Education Officials Are Asked To Maintain School Nurse Ratios
The Vermont Board of Education will soon decide whether to continue requiring schools to keep a nurse on duty for every 500 students. That current ratio was dropped from a proposed revision of quality standards. But at public meetings, many spoke out in favor of maintaining the minimum ratio.
In fact, nurses in some small rural schools believe the 500-to-1 ratio is already too high, because their students need a lot of individual attention.
The Concord School, for example, in the Northeast Kingdom, educates students from kindergarten through 12th grade, and many come from low-income families.
Jane Price, RN, starts this drizzly raw day before classes begin, coaxing parents to a presentation by Lyndon Rescue workers about the importance of well-fitted car seats.
“Lyndon Rescue was great to do that with me, they were awesome,” she says.
As soon as she gets to her windowless but cozy basement office with its fish tank and comfy sofa bed, a sad little girl shows up asking for a band-aid for a burn she got by touching her oven at home.
“Trying to get warm, and now you have this nasty burn. What color would you like today? Blue? green? yellow?” she asks her patient.
Price knows this family has no heat because they can’t afford fuel. She’s been working with the principal to link them and four other cash-strapped households to heating assistance.
In a few minutes another student appears complaining of a stomach ache.
“I don’t have medicine for stomach aches. I do have my magic wand. Do you want to stay in school or go home? Or what do you think?” she asks.
She wants to go home. Price lets her call her mother, who is working, so she will have to wait for her grandmother to pick her up.
Sometimes Nurse Price deals with more life-threatening situations. Once a student injured himself on the playground. Price suspected a ruptured spleen and says he could have bled to death waiting for an ambulance. He was okay because she made the call quickly.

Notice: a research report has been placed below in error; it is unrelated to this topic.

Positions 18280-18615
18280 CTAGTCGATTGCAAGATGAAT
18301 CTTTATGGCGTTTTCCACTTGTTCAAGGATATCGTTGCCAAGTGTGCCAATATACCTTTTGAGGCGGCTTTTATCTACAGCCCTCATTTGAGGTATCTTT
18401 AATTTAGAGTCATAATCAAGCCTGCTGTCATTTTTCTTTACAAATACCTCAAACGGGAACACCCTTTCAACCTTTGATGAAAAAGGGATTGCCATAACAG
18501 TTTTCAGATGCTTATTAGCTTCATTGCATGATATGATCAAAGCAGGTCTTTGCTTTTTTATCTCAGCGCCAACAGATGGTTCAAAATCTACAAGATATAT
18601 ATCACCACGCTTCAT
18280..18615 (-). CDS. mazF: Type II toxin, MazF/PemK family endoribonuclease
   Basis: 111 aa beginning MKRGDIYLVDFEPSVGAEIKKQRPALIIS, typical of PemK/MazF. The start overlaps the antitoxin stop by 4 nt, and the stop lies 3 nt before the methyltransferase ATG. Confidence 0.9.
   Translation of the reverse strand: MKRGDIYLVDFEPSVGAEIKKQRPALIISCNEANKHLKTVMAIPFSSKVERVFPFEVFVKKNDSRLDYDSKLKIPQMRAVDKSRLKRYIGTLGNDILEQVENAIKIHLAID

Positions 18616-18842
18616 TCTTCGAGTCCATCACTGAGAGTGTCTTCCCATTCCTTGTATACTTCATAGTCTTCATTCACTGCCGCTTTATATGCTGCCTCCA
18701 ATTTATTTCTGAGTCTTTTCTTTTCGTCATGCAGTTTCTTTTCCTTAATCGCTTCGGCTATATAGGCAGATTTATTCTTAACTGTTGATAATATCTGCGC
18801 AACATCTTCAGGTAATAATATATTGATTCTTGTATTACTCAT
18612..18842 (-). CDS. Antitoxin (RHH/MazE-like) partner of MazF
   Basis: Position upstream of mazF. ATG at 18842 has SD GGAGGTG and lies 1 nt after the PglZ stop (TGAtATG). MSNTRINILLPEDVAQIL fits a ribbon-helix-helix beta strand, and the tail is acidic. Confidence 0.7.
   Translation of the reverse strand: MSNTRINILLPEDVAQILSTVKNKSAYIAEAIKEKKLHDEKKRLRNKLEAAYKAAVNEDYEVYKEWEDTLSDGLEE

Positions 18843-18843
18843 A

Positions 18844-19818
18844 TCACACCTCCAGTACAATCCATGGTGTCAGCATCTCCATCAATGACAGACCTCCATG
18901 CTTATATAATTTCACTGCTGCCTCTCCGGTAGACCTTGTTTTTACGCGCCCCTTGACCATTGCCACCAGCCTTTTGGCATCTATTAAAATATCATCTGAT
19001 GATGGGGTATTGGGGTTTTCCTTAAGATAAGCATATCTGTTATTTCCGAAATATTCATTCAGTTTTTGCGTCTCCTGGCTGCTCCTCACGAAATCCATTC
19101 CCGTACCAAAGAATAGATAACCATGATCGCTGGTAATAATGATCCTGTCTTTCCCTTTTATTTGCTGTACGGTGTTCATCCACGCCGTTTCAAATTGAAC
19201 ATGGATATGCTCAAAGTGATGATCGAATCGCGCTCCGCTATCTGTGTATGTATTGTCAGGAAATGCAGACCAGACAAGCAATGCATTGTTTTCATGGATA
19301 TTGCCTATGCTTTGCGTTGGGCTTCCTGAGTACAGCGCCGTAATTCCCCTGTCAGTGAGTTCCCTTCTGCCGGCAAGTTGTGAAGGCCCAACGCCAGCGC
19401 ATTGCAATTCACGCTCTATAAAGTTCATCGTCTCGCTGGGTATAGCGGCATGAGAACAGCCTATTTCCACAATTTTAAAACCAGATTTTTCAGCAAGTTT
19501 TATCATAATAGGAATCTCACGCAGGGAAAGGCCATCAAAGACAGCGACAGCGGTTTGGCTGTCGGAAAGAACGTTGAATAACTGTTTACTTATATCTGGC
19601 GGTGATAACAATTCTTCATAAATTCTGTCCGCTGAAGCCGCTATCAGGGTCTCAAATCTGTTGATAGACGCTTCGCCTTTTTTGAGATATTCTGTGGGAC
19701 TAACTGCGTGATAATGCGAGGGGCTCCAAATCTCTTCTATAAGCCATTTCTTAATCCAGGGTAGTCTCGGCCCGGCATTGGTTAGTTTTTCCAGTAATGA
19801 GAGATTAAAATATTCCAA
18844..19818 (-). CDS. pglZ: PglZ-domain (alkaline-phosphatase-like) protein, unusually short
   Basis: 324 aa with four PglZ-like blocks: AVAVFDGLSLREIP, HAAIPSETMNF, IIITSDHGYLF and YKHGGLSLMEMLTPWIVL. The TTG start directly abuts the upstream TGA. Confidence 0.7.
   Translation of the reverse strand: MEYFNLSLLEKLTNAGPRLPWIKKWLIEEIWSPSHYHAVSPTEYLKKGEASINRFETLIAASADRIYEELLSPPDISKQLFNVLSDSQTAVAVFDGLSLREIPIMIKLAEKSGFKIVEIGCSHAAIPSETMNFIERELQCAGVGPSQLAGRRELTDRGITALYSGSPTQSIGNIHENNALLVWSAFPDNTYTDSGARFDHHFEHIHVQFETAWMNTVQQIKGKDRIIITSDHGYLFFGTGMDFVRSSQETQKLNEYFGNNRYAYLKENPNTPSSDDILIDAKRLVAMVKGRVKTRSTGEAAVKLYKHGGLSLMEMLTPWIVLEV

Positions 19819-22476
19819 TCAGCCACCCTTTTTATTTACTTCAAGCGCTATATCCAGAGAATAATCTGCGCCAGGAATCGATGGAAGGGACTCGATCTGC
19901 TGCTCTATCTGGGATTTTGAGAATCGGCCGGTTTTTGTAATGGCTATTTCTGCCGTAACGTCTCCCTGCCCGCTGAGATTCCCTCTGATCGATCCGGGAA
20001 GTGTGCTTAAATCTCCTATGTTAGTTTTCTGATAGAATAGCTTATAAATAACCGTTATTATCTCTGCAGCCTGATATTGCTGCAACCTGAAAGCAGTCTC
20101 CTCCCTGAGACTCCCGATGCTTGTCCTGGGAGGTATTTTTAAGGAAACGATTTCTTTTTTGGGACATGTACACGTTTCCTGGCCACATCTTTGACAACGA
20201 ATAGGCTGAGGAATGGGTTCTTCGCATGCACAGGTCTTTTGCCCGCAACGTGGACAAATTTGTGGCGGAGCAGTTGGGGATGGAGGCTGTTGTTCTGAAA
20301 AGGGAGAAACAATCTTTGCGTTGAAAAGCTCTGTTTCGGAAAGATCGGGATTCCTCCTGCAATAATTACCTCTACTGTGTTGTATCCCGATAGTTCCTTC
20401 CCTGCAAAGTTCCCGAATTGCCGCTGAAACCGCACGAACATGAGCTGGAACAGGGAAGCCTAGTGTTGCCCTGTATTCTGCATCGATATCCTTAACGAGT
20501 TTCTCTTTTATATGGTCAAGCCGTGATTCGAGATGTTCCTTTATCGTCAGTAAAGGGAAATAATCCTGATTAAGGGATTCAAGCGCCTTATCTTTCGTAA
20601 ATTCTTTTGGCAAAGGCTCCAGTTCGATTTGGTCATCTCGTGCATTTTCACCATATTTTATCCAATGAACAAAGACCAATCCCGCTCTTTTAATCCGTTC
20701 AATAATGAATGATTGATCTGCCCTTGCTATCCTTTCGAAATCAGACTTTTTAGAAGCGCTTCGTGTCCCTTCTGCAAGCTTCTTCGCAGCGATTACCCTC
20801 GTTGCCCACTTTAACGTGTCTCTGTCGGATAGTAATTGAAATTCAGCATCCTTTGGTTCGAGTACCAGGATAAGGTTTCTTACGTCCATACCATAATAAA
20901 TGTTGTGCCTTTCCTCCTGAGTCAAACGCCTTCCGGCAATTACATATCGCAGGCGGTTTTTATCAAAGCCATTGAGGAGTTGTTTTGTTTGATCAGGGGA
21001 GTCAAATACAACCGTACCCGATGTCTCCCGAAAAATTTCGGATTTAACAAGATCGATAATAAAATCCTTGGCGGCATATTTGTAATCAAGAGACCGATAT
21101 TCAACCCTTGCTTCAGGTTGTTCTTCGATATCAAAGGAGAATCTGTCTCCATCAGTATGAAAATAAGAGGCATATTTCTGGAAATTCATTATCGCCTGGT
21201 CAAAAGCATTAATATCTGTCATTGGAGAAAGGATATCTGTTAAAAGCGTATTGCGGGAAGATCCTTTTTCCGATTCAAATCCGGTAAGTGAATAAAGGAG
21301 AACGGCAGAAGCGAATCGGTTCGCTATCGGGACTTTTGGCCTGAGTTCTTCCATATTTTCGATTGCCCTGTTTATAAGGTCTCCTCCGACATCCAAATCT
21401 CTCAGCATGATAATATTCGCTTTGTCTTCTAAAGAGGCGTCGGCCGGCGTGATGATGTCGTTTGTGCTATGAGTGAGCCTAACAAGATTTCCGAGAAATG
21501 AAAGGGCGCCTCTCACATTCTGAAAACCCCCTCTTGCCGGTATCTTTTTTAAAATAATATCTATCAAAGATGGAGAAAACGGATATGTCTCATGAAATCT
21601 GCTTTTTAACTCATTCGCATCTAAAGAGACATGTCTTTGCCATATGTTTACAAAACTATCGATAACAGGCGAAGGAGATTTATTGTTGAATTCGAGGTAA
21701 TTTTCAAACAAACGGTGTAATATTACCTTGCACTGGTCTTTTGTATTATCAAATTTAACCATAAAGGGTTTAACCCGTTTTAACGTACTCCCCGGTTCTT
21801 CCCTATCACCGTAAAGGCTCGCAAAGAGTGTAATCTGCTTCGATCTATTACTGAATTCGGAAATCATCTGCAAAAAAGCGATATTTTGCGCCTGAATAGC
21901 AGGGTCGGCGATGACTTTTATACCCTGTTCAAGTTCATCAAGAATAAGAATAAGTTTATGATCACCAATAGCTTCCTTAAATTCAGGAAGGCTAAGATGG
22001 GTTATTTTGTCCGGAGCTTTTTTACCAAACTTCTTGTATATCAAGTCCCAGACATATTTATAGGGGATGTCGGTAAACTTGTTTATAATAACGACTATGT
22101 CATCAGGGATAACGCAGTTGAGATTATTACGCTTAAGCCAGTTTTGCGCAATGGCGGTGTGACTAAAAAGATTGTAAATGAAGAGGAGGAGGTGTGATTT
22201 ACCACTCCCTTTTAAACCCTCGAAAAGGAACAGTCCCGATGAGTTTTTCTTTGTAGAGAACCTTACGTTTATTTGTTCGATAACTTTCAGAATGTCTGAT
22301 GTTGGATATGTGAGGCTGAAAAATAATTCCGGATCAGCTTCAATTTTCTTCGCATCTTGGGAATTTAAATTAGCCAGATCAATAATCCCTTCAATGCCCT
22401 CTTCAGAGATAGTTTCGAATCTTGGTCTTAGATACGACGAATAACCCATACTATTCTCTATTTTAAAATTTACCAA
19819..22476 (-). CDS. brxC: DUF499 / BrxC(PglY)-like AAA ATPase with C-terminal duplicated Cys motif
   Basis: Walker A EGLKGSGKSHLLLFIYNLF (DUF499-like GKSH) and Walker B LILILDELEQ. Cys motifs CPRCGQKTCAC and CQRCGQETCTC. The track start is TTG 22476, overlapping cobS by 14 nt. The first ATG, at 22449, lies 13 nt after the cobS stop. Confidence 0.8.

And her job goes beyond nursing. She does laundry for students who show up in dirty clothes, replacing them from a closet of donations she keeps near her office.
Sometimes she’s a janitor.
“So if we have a nosebleed or vomit I am the designated cleaner-upper,” she says.
By state law, if a student with acute medical needs wants to participate in after-school activities a nurse has to be on site. So Price volunteers to stay late when a diabetic student goes to archery practice.
That gives her extra time to plow through files on her desk. Paperwork takes her away from face time with her 250 students--another reason she feels the minimum ratio of one nurse for every 500 students should not be lifted.
“The screenings are mandated by the health department. The immunizations are mandated by the health department. That’s another piece of my job, entering them in a data bank, analyzing them in a data bank and getting a report to the state. So if you have that many kids you can’t do anything. So you are not doing any direct service,” she says.
Agency of Education Policy Project Manager Jill Remson says the Board of Education heard loud protests from other nurses during public hearings. In fact, she says there was so much public comment on this guideline that the Board may decide to re-instate it.